Summer for the seriously skint
The Guardian’s Gemma Bowes has come up with 10 ways for you to have a travel adventure on a tiny budget. While the lead-in to this article suggests that you can travel with no money at all, we think this kind of travel may be just a little too precarious for our members! We do think that the phenomenon of house sitting worldwide is so fabulous that it deserves more than 48 words out of a total of 1993 but we are grateful to the journalist that we were the only website mentioned under this subject. Yay for us!
Read on for lots of links to more information on free camping in Scotland, staying in ‘bothies’ (mountain huts) in the UK, ride-sharing, couchsurfing (of course), hostelling, home exchanging (we love this idea!), volunteering abroad, working on cruise ships, staying at retreats and Wwoofing etc. With so many opportunities for adventure, it’s a wonder you are still seated at your computer reading this!
Sunday July 22 2007
How to holiday for free
Being broke needn’t mean going without a break this summer. From sleeping on strangers’ sofas to working your passage across the Atlantic, Gemma Bowes offers 10 ways to get away on a tiny, or even non-existent, budget.
Now something of a global phenomenon, couch surfing is the easy way to find a free place to stay almost anywhere in the world with friendly folk who’ll also show you the sights, take you to parties and give you an insiders’ view of your destination. You simply register at www.couchsurfing.com (that’s free too), then contact other members to ask to stay. You don’t even have to offer your own sofa in return, although many enthusiasts say this is all part of the fun. Every member that offers a place to stay – whether it’s space on their sofa (most likely) or the spare room in their luxury pool house (dream on) – has their own page with pictures and personal info, and most importantly, comments from couch surfers who’ve already stayed with them, so you can figure out what kind of host they’ll be.For example it might be helpful to know in advance that Fats Silver, aged 25 from Canberra, practises the drums at home or that artist Michelle Laing is a goth, a life-drawing model and a horror fan. Similar websites that create a network of people sharing free accommodation include www.hospitalityclub.org, www.servas.org and www.globalfreeloaders.com.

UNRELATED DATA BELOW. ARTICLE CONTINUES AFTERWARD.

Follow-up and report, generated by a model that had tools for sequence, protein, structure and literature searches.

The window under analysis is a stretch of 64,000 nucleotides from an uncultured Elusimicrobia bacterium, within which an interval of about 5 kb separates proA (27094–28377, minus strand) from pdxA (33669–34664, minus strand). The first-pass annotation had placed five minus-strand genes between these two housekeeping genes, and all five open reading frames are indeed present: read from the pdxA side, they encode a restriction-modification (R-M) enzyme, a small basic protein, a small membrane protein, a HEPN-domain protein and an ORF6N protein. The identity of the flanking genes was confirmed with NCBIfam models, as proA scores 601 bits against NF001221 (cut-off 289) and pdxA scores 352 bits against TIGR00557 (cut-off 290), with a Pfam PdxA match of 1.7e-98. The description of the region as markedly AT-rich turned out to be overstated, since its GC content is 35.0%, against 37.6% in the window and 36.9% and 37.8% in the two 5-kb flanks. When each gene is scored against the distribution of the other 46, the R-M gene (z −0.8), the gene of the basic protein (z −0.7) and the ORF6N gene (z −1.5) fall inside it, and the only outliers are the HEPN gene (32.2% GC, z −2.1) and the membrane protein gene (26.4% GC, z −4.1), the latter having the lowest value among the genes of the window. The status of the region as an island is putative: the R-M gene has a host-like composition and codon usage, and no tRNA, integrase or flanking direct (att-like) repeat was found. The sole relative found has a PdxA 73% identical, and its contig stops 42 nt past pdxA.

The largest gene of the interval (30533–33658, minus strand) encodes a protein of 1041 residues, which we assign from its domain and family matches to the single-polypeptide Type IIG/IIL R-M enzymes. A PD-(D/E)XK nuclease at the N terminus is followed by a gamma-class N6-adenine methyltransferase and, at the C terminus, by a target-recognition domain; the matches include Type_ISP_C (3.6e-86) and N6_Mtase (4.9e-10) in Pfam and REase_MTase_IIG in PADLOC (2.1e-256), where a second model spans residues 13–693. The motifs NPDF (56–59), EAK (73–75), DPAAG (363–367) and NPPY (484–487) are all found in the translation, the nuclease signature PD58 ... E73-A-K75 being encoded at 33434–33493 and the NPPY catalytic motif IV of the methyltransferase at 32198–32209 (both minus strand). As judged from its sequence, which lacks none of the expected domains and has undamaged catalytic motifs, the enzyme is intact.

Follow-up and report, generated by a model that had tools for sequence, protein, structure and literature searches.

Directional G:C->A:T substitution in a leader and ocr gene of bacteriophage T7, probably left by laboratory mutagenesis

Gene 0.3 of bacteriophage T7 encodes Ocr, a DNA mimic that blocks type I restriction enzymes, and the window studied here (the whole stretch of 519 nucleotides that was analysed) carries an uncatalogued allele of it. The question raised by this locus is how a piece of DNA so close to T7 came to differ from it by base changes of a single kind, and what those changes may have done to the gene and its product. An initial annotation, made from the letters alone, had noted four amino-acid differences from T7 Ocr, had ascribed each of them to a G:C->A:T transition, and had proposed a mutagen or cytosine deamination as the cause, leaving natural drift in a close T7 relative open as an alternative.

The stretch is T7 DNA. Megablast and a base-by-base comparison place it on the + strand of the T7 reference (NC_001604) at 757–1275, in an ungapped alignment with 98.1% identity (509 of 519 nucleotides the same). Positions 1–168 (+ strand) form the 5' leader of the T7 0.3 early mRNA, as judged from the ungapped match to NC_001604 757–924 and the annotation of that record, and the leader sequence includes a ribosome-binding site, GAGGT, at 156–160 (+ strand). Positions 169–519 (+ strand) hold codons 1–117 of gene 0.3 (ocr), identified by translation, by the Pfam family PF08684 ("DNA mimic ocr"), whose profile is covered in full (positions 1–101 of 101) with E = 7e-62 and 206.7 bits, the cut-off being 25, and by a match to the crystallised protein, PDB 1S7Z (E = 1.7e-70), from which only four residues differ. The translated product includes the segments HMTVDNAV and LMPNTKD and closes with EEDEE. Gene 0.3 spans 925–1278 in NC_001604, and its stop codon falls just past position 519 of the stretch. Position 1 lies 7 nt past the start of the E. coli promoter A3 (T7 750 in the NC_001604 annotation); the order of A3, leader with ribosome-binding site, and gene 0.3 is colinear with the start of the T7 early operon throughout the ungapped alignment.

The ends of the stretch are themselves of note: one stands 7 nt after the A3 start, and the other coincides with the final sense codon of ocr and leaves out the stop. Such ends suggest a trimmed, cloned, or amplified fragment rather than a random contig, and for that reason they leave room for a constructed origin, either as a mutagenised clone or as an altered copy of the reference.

If you’re too skint to pay for a campsite or prefer not to have your back-to-nature experience ruined by the groans and grunts of surrounding tents, you could try wild camping – as in, not in a campsite. Be warned, in England and Wales there is no legal right to wild camp, and landowners are in their rights to demand you leave, but there are plenty of spots beyond your own back garden where you can get away with it.Permission should always be sought if possible, but in remote areas, particularly high mountain and hill land, wild camping is generally accepted, as long as you avoid farmers’ fields, keep out of sight of houses and farms and don’t stay long. Endeavour to protect wildlife and vegetation and keep the group small and you should be OK. See www.go4awalk.com for advice.Wild camping in an isolated spot by a Scottish loch is an amazing experience, and in 2005 Scotland’s land reform act established the right to wild camp without permission (quote this if you are challenged), so long as you are at least 100 metres from the nearest road. The Scottish Outdoor Access Code (www.outdooraccess-scotland.com) recommends steering clear of enclosed fields or livestock to avoid problems (pitchfork-wielding farmers). The Mountaineering Council of Scotland (01738 493 942; www.mountaineering-scotland.org.uk) provides guidelines: for example you should find a new spot rather than pitching in overused sites, remove every scrap of food and rubbish and stay no longer than three days. You can get away with free camping in much of Europe; it’s legal and popular in Sweden, for example. For an excellent source of normal, paying campsites across the UK see www.ukcampsite.co.uk, which also lists those attached to pubs, that allow fires or are adult-only. For independent campsites in Europe check out www.eurocampings.co.uk